A definition of Enterprise Change Management (ECM).

Posted by Audra Proctor

And why digital disruption makes it even more essential for your organisation.



A key theme we kept revisiting in a recent blog series on Agile Change Management was how to implement Enterprise Change Management (ECM) in our organisation.

It’s a topic that we have written and blogged about quite a bit in recent times, but we wanted to revisit in this new series – particularly as the topics are inextricably linked. Over the next few weeks we are going to take a closer look at ECM including:

  • Providing a definition of what we believe ECM actually is
  • How to effectively baseline your ECM strategy
  • Why leadership is critical to successful implementation
  • How to kickstart your ECM approach
  • And how to roll it out across your organisation

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In this first blog, we are going to take a look at our ECM definition. 

Organisations are under pressure to change, more than ever before

It appears to us that a majority of organisations believe that they need to change more quickly and more comprehensively than ever before. For larger organisations this is partly being driven by the constant threat of disruption from new, smaller and more agile competitors. This is a trend that was driven initially by innovators in consumer-focused industries – where companies like Uber, Mondo and Stripe have successfully challenged and reinvented existing business models, driven largely by advances in technology and the huge opportunities of scale afforded by the Internet. Which has levelled the competitive playing field.

But it is also increasingly finding its way into business-to-business markets too.

Because of this, words and phrases like “disruption”, “innovation” and “continuous change” are becoming an integral part of the lexicon of modern management. The challenge for organisations – and particularly larger organisations who are incumbents in these markets – is to become as nimble and agile as the competition.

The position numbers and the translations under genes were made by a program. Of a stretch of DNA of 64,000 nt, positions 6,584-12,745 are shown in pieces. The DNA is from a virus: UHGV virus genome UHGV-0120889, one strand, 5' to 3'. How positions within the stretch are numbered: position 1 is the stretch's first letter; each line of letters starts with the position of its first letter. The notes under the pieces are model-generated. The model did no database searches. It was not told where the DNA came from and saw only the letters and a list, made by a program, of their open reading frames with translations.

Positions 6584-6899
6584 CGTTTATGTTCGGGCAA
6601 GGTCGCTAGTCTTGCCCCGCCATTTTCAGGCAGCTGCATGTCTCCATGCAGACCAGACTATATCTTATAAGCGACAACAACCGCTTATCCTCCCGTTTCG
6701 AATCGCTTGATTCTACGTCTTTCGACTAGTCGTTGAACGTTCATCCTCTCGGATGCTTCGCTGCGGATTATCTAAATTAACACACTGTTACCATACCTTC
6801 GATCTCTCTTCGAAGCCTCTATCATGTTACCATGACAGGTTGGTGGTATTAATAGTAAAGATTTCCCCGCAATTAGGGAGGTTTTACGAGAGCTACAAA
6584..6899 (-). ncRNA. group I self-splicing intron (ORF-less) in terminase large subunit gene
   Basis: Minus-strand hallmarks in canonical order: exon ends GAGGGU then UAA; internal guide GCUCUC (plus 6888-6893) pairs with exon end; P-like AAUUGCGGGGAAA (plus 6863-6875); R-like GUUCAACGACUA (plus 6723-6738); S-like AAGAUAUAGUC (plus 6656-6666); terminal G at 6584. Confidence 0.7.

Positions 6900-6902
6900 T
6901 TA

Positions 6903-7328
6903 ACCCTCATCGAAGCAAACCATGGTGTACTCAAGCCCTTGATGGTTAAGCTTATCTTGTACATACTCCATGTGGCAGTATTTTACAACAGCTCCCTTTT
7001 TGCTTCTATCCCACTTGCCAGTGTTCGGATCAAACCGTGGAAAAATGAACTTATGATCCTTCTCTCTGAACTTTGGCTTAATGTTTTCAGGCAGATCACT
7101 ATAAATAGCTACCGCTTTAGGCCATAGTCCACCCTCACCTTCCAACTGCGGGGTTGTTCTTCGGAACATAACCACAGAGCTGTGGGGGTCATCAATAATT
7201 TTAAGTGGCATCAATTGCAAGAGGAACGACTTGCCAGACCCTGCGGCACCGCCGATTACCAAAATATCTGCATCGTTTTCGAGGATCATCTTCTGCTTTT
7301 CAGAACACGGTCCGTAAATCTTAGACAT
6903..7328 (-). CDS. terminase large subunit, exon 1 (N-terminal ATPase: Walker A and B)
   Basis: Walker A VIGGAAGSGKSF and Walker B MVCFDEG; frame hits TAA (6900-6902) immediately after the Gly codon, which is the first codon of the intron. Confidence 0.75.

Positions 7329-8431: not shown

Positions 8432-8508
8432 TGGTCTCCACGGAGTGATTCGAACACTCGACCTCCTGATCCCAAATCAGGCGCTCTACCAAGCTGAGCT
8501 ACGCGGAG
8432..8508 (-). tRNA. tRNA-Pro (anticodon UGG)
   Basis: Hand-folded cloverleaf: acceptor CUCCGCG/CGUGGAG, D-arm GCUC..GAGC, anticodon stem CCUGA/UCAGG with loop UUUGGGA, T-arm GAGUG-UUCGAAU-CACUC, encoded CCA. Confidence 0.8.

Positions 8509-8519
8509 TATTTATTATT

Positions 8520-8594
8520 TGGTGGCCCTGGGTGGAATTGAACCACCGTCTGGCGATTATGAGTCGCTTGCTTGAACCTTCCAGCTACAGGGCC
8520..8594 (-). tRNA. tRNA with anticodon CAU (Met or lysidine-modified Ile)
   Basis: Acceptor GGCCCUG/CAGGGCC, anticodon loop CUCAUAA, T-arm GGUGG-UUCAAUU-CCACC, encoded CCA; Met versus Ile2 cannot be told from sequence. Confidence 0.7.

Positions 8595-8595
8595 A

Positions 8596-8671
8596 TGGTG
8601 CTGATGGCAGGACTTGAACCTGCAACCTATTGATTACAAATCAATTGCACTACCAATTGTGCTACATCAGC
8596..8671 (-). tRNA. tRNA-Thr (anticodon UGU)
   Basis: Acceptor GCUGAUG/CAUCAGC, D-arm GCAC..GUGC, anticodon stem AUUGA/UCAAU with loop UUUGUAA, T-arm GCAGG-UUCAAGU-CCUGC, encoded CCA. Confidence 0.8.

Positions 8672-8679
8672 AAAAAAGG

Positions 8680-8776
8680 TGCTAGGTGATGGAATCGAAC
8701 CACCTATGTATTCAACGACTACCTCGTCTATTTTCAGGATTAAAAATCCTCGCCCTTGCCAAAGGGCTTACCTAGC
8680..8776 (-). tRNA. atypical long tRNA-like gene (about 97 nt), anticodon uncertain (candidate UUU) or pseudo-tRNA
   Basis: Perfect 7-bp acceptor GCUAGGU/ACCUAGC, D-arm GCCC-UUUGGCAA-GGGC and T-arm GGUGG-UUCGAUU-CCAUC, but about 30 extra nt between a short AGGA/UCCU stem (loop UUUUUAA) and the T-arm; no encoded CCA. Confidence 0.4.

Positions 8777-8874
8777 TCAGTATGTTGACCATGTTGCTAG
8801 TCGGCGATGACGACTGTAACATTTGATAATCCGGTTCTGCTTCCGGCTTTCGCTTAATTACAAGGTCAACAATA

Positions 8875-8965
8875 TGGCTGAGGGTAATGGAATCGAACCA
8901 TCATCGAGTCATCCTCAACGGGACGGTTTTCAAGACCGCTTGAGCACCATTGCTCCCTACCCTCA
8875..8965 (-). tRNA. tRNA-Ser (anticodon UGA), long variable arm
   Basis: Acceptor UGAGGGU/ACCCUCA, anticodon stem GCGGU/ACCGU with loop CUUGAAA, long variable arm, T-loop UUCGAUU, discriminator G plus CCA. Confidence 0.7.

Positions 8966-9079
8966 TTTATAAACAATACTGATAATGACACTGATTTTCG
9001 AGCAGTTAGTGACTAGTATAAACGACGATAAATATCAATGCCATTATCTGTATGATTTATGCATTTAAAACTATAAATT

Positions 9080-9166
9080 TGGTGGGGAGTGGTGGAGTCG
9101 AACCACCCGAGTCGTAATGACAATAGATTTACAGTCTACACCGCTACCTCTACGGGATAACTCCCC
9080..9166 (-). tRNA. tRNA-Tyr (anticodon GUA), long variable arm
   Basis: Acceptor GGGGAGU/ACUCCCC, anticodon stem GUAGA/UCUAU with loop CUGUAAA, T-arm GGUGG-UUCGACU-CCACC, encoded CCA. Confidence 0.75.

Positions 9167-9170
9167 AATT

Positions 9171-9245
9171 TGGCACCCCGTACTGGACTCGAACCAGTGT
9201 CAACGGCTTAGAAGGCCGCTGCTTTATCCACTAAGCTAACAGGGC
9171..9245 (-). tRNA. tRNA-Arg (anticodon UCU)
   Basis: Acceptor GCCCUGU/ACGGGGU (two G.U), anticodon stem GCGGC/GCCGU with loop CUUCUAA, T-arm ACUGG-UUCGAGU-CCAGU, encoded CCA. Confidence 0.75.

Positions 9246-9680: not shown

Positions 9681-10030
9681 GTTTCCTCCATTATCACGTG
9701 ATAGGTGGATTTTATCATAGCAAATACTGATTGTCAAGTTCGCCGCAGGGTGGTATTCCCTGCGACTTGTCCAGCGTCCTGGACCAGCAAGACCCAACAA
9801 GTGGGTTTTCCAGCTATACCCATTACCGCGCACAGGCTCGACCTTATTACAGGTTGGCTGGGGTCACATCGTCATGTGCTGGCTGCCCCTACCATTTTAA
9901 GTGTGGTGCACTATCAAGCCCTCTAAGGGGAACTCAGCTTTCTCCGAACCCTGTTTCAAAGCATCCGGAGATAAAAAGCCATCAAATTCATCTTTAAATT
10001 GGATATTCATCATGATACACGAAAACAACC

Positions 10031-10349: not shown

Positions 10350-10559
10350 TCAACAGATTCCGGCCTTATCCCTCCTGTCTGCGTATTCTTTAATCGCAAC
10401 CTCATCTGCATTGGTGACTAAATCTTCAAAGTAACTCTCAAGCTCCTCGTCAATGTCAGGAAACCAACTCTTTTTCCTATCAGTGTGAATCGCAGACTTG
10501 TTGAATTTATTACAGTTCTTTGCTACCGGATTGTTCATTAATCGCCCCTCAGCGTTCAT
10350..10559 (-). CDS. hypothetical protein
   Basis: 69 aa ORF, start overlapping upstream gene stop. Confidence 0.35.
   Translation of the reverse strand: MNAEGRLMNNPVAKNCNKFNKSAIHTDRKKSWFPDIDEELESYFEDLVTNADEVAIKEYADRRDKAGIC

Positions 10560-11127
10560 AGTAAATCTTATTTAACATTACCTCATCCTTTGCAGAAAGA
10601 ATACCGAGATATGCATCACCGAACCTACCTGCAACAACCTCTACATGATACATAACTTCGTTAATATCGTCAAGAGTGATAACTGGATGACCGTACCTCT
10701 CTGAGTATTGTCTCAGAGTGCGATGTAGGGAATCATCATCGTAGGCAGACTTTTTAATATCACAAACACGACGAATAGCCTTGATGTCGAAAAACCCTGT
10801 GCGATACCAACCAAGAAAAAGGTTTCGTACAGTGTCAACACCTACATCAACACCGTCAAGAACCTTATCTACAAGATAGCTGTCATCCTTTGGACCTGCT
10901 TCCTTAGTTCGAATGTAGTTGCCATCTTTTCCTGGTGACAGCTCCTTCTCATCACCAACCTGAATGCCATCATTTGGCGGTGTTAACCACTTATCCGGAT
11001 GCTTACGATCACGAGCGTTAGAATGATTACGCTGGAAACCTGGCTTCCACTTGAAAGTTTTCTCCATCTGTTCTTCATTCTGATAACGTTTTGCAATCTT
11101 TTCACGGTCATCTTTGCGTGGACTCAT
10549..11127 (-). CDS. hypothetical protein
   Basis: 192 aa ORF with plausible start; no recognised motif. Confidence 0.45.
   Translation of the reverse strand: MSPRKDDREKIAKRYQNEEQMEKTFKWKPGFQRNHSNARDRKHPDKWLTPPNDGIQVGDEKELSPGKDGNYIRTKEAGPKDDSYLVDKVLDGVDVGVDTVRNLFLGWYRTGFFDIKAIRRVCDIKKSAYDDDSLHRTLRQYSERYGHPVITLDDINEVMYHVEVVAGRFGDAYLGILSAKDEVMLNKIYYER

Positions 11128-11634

And we believe passionately that ECM in Change Management is a key building block in any strategy designed to meet the challenge.

How ECM offers the capability to respond to the challenge

So, what is ECM? And how exactly does it enable these organisations to take a more agile approach to delivering change in their organisation?

For us ECM is:

A belief that if an organisation is to become agile and responsive to fast-moving competitive, often disruptive, markets then it needs to do more than simply train a small number of project or OD specialists in Change Management. Rather it needs the whole organisation to possess the appropriate skills and tools to help deliver change at the volume, speed and accuracy required.

At its most effective, ECM requires a C-Suite-led effort to build and maintain the capacity of the organisation to change.

Source – Enterprise Change Management: How to Prepare Your Organisation for Continuous Change by David Miller and Audra Proctor. You can download Chapter 1 of the book for free here.

ECM is about “making change everyone’s business” and at its most fundamental level requires that the organisation has:

  • the ability to deliver change across the organization
  • with different people in different places and roles jointly contributing to success
  • a focus on building the capability and the capacity to meet organisational demand
  • whilst doing all of this effectively and at speed, enterprise-wide

If the term ‘Change Management’ refers to the skills, processes and tools used to manage the people aspects of major organisational change, then Enterprise Change Management is about ensuring that Change Management is being applied consistently across the organisation. And, that individuals:

  • have access to the requisite skills to build their own personal change competency
  • can scope and define the change being implemented
  • can analyze the impact and risks of the change on people
  • have access to tools to create plans and actions to help drive successful implementation